Date of Award

5-2003

Degree Type

Dissertation

Degree Name

Doctor of Philosophy

Major

Computer Science

Major Professor

DR. JACK J. DONGARRA

Committee Members

DR. ALLEN BAKER, DR. MICHAEL BERRY, DR. VICTOR EIJKHOUT

Abstract

Manufacturers of computer hardware are able to continuously sustain an unprecedented pace of progress in computing speed of their products, partially due to increased clock rates but also because of ever more complicated chip designs. With new processor families appearing every few years, it is increasingly harder to achieve high performance rates in sparse matrix computations. This research proposes new methods for sparse matrix factorizations and applies in an iterative code generalizations of known concepts from related disciplines. The proposed solutions and extensions are implemented in ways that tend to deliver efficiency while retaining ease of use of existing solutions. The implementations are thoroughly timed and analyzed using a commonly accepted set of test matrices. The tests were conducted on modern processors that seem to have gained an appreciable level of popularity and are fairly representative for a wider range of processor types that are available on the market now or in the near future. The new factorization technique formally introduced in the early chapters is later on proven to be quite competitive with state of the art software currently available. Although not totally superior in all cases (as probably no single approach could possibly be), the new factorization algorithm exhibits a few promising features. In addition, an all-embracing optimization effort is applied to an iterative algorithm that stands out for its robustness. This also gives satisfactory results on the tested computing platforms in terms of performance improvement. The same set of test matrices is used to enable an easy comparison between both investigated techniques, even though they are customarily treated separately in the literature. Possible extensions of the presented work are discussed. They range from easily conceivable merging with existing solutions to rather more evolved schemes dependent on hard to predict progress in theoretical and algorithmic research.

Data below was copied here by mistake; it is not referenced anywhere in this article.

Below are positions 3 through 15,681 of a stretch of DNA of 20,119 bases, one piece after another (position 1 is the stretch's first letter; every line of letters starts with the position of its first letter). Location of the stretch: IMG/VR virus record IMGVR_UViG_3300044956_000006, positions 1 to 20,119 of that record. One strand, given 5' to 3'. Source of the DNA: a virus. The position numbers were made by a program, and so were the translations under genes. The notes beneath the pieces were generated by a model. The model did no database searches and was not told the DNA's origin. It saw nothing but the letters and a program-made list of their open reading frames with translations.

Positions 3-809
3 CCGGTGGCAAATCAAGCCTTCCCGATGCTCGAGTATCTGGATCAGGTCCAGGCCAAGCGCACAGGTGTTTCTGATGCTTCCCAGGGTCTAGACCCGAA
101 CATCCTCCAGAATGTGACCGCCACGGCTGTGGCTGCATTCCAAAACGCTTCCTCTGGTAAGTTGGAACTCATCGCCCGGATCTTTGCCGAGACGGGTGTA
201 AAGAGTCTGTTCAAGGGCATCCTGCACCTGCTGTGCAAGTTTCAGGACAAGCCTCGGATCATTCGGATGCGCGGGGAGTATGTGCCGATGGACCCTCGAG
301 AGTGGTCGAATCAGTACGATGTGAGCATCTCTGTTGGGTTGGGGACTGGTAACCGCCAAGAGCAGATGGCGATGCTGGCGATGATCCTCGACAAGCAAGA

Files over 3MB may be slow to open. For best results, right-click and select "save as..."

Share

COinS